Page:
In Taiwanese politics, the green color stands for the Taiwan independence movement. I guess they chose green because it is the main color of the vegetation on this lush island. Another good reason to choose green tea on Independence Day (which marks the day I settled in Taiwan 17 years ago) is that its light taste and fragrances help cool me down on a very hot day.
Cultivar: Luanze (qingxin) Oolong buds
Harvested by hand on April 2nd, 2013
Origin: Pinglin, Wenshan area (in northern Taiwan)
Process: Hungqing (oven dried), striped green tea.
I brew these leaves in a bowl, a method I like in the summer. It allows the tea to release its heat and cool down faster. There is also an air of freedom to see the leaves turn and dance in the bowl as I pour my hot water on the side of the bowl. They have escaped the teapot in which they were trapped and can now perform their sweet duty directly under our eyes.
This time, I am using a flat bowl with a thick black glaze. Michel François made it, inspired by Sung dynasty Jianyang bowls. I preheat it and notice how well the thick glaze and porcelain clay retain the heat.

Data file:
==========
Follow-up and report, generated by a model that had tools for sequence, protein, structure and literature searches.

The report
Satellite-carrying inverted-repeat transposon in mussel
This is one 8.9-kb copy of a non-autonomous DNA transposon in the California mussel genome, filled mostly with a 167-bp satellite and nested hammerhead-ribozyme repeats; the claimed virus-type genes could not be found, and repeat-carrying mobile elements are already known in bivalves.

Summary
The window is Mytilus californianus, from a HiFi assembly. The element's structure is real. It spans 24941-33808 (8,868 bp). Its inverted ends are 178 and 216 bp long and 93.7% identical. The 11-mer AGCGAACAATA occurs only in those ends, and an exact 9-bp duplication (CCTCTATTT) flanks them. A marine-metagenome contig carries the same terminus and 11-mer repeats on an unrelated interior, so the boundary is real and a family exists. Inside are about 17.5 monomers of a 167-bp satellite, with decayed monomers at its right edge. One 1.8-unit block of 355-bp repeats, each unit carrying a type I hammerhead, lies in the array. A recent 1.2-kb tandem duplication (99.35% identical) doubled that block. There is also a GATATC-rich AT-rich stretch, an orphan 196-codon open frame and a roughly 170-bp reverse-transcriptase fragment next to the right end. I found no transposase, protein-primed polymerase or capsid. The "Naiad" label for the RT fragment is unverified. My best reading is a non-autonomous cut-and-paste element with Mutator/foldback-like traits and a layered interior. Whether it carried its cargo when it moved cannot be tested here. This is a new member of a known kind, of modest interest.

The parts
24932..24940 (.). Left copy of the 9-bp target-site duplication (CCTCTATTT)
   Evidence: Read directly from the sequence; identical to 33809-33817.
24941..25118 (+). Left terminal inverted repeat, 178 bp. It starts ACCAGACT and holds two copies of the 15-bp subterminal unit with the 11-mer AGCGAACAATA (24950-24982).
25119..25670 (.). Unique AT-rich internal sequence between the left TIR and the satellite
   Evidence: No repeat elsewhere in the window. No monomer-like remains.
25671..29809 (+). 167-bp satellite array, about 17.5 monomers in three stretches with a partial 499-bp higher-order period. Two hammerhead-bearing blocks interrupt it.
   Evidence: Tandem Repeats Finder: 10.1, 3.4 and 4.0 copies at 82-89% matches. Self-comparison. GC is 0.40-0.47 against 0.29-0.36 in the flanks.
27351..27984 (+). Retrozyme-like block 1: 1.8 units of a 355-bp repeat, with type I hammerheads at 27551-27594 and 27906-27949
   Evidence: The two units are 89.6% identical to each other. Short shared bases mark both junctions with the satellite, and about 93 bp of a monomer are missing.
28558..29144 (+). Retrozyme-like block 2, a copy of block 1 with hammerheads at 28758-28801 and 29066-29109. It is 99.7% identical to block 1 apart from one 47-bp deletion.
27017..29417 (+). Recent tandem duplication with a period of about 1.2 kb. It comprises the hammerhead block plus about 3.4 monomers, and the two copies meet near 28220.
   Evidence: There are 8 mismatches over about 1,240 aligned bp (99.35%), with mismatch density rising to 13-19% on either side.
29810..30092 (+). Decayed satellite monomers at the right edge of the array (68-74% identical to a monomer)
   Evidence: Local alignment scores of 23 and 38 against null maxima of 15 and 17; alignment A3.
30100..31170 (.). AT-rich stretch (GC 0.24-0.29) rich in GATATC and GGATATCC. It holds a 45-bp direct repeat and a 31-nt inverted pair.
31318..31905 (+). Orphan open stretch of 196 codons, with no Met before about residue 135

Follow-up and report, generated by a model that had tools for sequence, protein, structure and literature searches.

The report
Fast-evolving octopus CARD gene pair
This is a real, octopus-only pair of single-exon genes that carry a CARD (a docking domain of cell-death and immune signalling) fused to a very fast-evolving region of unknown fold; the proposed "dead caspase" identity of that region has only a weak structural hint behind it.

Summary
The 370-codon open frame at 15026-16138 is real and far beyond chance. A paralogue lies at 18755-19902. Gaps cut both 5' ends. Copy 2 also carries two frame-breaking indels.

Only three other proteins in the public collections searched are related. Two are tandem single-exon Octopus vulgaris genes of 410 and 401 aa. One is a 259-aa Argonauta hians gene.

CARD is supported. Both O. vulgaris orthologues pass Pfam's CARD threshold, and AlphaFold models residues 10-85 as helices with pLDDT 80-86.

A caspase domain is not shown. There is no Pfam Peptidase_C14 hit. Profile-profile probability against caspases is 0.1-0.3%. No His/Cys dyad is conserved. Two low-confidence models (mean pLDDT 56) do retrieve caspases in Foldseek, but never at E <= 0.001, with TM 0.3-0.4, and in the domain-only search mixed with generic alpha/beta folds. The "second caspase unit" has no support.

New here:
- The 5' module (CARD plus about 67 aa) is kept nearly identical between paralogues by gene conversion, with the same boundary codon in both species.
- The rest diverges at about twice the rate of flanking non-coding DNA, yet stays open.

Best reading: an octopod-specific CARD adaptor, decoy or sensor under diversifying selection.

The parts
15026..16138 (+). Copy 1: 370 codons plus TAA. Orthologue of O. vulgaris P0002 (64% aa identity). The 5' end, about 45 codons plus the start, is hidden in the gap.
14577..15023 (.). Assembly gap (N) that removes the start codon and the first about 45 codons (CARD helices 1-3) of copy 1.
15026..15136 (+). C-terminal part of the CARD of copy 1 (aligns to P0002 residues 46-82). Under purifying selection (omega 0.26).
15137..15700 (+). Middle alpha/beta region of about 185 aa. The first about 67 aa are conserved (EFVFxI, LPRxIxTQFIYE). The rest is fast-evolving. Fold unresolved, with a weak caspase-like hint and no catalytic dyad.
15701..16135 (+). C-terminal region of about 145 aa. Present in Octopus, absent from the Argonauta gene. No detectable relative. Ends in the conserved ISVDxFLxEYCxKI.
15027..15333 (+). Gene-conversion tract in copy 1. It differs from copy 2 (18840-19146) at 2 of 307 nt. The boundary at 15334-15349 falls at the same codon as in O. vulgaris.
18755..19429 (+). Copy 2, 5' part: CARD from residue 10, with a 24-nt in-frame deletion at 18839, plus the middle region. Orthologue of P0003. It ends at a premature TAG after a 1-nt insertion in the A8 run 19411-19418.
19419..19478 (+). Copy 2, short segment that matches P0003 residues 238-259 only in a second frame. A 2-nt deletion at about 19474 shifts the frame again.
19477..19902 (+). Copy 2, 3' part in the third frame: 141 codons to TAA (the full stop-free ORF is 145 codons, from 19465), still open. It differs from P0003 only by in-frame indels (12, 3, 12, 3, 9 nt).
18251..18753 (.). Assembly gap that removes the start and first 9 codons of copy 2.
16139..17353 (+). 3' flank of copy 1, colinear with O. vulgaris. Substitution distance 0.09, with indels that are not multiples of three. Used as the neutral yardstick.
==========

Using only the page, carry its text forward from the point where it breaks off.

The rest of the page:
I use only few leaves. Green tea buds are best appreciated light. The color of the open leaves in the dark bowl is amazing. They look so alive, as if they had just been picked! The brew looks transparent in the black bowl, but we can see its green hue in the qingbai cup.
This green tea made with qingxin oolong leaves is fresh, with part vegetable and subtropical forest scents. It is also quite sweet and refreshing. But this will also depend in great part on the quality of your water, since the water ratio is higher than for other teas.
This tea interesting for Baozhong and high mountain Oolong fans. You can experience this same cultivar as a green tea and not as a lightly oxidized Oolong/Baozhong. This will teach you the impact of the process on the flavors of the tea.